In a 1959 Cahiers du cinema essay entitled Little Subjects, critic and new wave filmmaker Claude Chabrol contrasted two imaginary films, on ‘The Apocalypse of Our Time’ and ‘The Quarrel Between Our Neighbours’, or on big and the small subject. Chabrol suggested that the two paradigms were structurally more similar than might first be apparent and that, contrary to appearances, the small subject was actually the richer, in that it allowed the filmmaker scope to explore form and content alike.
I mention this because Fase 7 could be taken as a test case for Chabrol's thesis some half a century on. For while being about a big subject, namely a mysterious plague sweeping the globe and bringing about the end of the world as we know it, it takes a small subject approach by focusing upon a young couple expecting their first child and four or five other families living in their Buenos Aires apartment block.
In terms of content, it thus has obvious affinities with the likes of [Rec] and Shivers, but downplays the horror angle and plays up the human drama. It is also somewhat more plausible in terms of the details of the plague itself: Those who contract it seem to sicken and die, but don't turn into homicidal maniac zombie-types in a matter of minutes.
This also contributes to the deliberate weakening of the horror film's traditional us/them human/monster division. These are all just more or less ordinary people trapped in an extraordinary situation, understandably suspicious of one another's equally understandable motives. Everyone has their reasons, as Renoir’s The Rules of the Game famously puts it.
The most interesting characters amongst the small ensemble are father-to-be Coco and the enigmatic Horacio. Depending on perspective, Horacio is either a conspiracy-theory advancing survivalist paranoiac or the one who best understands the situation and how to deal with it.Coco, meanwhile, displays an understandable scepticism at his neighbour’s seemingly far-fetched theories and is, particularly by generic standards, unusually reluctant to become a gun-toting survivalist type.
The relationship between Coco and his wife Pipi is less developed over the course of the narrative, however. Being heavily pregnant, she remains in the family’s apartment for most of the duration, deliberately kept apart from what is going on elsewhere in the block; here, however, it should be noted that no-one really knows what is going on in the wider world as communication quickly break down.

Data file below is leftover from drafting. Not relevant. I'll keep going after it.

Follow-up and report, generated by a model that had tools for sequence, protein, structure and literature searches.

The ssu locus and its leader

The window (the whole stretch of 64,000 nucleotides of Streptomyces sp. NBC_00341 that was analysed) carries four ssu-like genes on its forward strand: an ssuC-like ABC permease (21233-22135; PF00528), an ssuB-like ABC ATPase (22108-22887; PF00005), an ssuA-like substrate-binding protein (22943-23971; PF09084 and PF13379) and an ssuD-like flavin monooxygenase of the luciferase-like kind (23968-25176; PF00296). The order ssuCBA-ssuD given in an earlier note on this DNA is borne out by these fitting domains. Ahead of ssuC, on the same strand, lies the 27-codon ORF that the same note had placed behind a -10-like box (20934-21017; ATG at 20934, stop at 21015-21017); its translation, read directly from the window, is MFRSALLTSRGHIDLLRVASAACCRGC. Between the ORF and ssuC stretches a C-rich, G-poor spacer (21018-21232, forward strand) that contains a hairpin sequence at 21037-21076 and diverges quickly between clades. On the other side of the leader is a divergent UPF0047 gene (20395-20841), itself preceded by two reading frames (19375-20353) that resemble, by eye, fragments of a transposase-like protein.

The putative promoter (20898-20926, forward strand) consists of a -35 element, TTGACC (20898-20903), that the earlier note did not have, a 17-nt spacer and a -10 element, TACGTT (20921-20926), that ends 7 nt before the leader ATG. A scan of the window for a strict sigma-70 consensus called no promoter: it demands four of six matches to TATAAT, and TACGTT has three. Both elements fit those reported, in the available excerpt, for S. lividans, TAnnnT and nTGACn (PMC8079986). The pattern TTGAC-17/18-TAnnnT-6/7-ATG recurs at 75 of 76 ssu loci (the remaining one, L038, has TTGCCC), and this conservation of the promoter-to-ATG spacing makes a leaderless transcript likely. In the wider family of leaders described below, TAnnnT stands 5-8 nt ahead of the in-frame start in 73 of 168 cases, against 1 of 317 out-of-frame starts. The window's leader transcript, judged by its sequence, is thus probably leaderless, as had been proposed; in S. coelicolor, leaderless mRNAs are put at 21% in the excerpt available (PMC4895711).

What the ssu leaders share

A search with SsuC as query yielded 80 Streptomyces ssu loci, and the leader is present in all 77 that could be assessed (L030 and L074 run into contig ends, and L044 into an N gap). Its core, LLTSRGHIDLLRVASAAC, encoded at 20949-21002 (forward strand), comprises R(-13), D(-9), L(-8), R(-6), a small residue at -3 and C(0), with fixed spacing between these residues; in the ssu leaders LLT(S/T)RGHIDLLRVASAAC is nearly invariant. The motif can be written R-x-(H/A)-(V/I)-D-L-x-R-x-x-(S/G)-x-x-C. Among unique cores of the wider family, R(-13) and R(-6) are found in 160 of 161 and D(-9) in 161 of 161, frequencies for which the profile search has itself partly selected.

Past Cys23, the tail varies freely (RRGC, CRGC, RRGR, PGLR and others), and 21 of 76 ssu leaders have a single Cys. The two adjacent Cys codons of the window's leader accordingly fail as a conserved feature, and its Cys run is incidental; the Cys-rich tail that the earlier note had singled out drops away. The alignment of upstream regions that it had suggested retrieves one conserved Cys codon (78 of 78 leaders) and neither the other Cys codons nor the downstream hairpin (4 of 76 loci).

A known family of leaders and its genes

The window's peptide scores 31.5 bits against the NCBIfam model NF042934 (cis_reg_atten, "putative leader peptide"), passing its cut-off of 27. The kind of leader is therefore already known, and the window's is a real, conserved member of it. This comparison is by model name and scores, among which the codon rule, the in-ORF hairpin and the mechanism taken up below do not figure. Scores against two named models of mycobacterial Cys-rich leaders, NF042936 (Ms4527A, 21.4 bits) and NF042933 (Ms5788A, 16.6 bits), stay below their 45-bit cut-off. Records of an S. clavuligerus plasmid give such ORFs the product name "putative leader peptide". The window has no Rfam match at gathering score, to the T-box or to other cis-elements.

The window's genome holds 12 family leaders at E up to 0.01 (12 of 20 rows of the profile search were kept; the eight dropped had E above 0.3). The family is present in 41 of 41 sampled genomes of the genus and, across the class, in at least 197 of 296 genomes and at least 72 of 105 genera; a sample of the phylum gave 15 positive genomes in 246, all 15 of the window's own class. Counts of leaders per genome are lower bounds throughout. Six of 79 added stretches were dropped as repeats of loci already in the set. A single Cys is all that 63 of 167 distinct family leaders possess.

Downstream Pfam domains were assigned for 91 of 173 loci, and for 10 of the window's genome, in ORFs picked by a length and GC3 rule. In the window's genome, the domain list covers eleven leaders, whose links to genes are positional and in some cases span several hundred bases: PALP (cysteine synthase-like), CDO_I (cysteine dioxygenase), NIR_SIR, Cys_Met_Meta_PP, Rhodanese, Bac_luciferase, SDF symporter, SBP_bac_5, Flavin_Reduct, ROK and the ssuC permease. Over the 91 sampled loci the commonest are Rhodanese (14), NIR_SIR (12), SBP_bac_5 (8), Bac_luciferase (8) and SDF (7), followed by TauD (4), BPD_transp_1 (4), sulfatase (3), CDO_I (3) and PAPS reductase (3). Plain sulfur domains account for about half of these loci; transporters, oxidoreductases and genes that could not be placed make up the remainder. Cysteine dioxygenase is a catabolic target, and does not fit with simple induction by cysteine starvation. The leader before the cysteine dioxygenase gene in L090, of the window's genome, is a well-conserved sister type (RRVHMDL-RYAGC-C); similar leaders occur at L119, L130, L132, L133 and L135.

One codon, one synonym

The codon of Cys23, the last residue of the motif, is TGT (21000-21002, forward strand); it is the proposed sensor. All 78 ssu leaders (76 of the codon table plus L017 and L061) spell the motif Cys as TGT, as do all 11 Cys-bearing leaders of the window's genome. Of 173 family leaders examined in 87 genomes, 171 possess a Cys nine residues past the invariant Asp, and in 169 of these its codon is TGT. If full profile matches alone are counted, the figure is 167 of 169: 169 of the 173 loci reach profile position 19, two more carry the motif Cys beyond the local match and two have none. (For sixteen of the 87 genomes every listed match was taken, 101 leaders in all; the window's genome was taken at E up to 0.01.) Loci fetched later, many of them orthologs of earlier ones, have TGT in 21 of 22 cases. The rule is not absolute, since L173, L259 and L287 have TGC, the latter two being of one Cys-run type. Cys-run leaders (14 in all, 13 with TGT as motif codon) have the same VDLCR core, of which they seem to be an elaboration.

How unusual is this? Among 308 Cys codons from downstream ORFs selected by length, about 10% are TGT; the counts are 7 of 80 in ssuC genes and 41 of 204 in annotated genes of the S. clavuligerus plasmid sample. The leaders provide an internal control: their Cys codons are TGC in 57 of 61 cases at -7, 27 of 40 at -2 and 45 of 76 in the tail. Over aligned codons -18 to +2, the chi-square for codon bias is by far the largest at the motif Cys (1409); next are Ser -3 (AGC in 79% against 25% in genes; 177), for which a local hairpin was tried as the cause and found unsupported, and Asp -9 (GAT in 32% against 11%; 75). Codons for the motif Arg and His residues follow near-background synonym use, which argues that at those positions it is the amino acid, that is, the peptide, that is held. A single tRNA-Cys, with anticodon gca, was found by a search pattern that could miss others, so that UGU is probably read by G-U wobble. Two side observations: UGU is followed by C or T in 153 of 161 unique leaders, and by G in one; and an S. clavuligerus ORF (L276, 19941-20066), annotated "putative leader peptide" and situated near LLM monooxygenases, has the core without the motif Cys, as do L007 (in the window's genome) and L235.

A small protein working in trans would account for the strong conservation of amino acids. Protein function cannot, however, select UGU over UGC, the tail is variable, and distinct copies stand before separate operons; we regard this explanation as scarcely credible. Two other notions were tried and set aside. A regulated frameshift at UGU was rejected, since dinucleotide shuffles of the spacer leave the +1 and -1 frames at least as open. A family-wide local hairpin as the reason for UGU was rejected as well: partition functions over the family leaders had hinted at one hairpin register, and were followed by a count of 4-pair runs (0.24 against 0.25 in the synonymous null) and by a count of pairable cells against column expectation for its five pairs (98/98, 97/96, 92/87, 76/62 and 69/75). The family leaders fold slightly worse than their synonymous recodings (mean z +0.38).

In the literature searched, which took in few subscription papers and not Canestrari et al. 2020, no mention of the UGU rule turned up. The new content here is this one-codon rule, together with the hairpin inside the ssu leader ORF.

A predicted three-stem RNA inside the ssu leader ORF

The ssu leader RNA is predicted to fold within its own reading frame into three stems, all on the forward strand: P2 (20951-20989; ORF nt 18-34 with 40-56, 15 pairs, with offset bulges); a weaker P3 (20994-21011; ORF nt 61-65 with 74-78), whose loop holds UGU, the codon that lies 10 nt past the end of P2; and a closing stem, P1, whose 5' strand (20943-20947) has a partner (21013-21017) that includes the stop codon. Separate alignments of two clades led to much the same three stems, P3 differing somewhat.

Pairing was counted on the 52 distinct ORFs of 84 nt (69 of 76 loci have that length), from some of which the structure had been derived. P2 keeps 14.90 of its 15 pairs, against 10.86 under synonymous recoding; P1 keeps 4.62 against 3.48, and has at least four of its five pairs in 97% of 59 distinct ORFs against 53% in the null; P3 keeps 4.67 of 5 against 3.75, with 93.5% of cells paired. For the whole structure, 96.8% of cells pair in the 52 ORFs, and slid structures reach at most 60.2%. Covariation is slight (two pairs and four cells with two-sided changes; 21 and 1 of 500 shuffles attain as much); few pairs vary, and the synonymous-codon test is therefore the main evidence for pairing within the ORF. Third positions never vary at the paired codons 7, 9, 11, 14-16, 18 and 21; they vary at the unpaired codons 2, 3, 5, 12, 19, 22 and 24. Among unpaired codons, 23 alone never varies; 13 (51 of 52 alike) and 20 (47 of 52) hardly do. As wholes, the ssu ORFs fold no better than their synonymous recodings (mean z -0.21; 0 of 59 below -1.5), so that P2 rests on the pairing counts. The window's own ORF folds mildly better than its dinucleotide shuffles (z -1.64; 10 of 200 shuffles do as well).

This is mirrored formally by the transformation of the interior spaces as they become increasingly dark and threatening, occasionally lit only with eerily glowing blue-purple ultraviolet and green glow-stick lights. While the film is not devoid of gore, the latter also allows for a nicely parodic action scene as characters blaze away at one another apparently ineffectually – or at least ineffectually by conventional film standards, if not those pertaining within the film’s particular world.
There are a few flaws. The opening scene of the couple’s quiet supermarket trip suddenly being replaced with panic-buying mobs seems a bit sudden, for instance, as does a jump of a number of days signalled by Coco's suddenly acquiring a beard. But thanks to the general levels of intelligence evident behind and in front of the camera, it works far more often than not.
The comfortable-enough middle class world presented helps internationalise the production, beyond its global pandemic narrative, while the presence of Guillermo Del Toro favourite Federico Luppi and a John Carpenter-esque soundtrack are further plusses.